The Work of ROY

Twenty first-century artists consider how best to relate to our changing world in a meaningful way. Pittsburgh artist ROY has chosen just two formats to present her worldviews: the bracelet, an object of adornment that she has always explored, and the candle snuffer, a domestic object little considered today.

ROY ‘s early bracelets appropriated existing artworks, as in her 1998 Jackie O bracelet, which borrowed Warhol’s famous painting. Almost simultaneously she developed a series of city bracelets. Recently her bracelets display a creative leap in response to 9/11, with such works as Godzilla with Fez and Level Red, which abandon appropriation while continuing to depict cityscapes. The candlesnuffers have also evolved. Once in the form of buildings with chimneys through which the snuffed candle smoke was emitted, they have become freestanding, sometimes smoking, small sculptures.

The linked-panel format of the bracelets gives them a power beyond their scale, making them seem almost monumental. Aegean Bracelet (a “city” bracelet) incorporates three sapphires, which suggest the blue Aegean Sea and punctuate the low skyline as windows. The wavelike bottom edge of the bracelet clearly indicates that the low buildings have their feet in the sea. ROY’s Greek heritage and her visits to the Aegean islands are an obvious influence.

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93rd Floor is considerably darker, as it refers to 9/11 and the point of impact at the World Trade towers. Buildings adjacent to the one with a diamond marking the point of impact seem to lean away from that building, as if to disassociate from it. The patina applied to the metal gives it a painterly quality and evokes darkness.

Towers of Pittsburgh, 2002, ROY Towers of Pittsburgh, 2002
Brass, copper, wood, electronics
Engineered by David Parlour
Liquid, smoke, light, fan
12 1/2 x 14 x 5 1/2″
Photo: David Parlour
Courtesy the Mattress factory Museum

The Godzilla with Fez bracelet at first glance reflects a lighter mood, featuring a red, yellow, and blue cartoon­ like city (the color added with non-reflective Plexiglas). Yet Godzilla looms over the skyline in his red fez; the fez, a reference to Islam, changes the tone of the bracelet from amusing to anxious, as if the threat of terrorism loomed large over the city. 93rd Floor and Godzilla both also incorporate line drawings, for added visual richness.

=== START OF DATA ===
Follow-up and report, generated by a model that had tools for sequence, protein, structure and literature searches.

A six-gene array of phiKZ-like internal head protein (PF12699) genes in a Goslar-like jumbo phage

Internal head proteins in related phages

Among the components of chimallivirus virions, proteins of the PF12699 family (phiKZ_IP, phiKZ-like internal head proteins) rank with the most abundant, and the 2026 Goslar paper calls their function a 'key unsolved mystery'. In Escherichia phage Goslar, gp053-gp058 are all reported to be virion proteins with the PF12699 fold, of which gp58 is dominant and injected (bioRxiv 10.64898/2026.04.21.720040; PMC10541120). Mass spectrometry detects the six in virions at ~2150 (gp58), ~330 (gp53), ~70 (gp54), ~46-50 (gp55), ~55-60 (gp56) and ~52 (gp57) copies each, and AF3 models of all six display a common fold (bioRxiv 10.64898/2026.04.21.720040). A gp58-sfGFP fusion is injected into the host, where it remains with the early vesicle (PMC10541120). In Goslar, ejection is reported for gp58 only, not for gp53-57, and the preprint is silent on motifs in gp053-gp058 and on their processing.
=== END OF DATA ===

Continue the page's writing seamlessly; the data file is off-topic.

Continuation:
Level Red sheds the cityscape format and becomes an ominous warning of present danger. The words “Level Red’ are spelled out with machine-like wheels below each letter and a red stone above the “e” in Red. Color has become charged with a new meaning as ROY plays on the intermittent warnings that place certain parts of the country under a level yellow or level red state of alert. The warning juxtaposed with the train-like structure increases the ominous mood.

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Aegean Bracelet, 2002
Sapphires, silver, nickel
3/8 x 3/8 x 8 1/4″ (open)
Photo: Dean Powell

These recent works ask questions rather than giving us serenity and calm. It is a pleasure to see an artist change directions successfully, engaging us on a deeper level and forcing us to consider a more dangerous world, even in our choice of adornment.

93rd Floor, 2002 20k
Diamond, silver, hinging, non-reflective
Plexiglas, nickel
7 5/8 x 3 x 1/4 ” (open)
Photo: Dean Powell
Godzilla with Fez, 2002
Silver, rag paper, non-reflective
Plexiglas, nickel, brass
8 1/4 x 2 3/4 x 3/8″ (open)
Photo: Dean Dover
Level Red Bracelet, 2002
Ruby, silver, silver wheels, washers,
axels, brass rivets
1 3/8 x 9 1/2 x 1/2 ” (open)
Photo: David Parlour

The small sculptures, the candlesnuffers, and the very recent Towers of Pittsburgh have also turned the corner from amusing objects to a clear sense of a threatening world. Towers of Pittsburgh is a small sculpture of a dark skyline. Instead of an abstract cityscape, we see rooftop structures, with equipment sheds, chimneys and other industrial accoutrements. These towers and sheds and vents light up and emit smoke for a far more menacing vision. The small structures of the earlier candlesnuffers have become larger, self-contained, and considerably uncomfortable. While ROY ‘s craftsmanship is exquisite, her objects beautiful, it is her intellectual and narrative content that gives the work its power.

By Caren Heft - © Metalsmith Magazine - Summer 2003
Caren Heft is director of the Edna Carlsten gallery at the University of Wisconsin-Stevens Point and a letterpress bookmaker.
In association with SNAG's
Metalsmith magazine, founded in 1980, is an award winning publication and the only magazine in America devoted to the metal arts.
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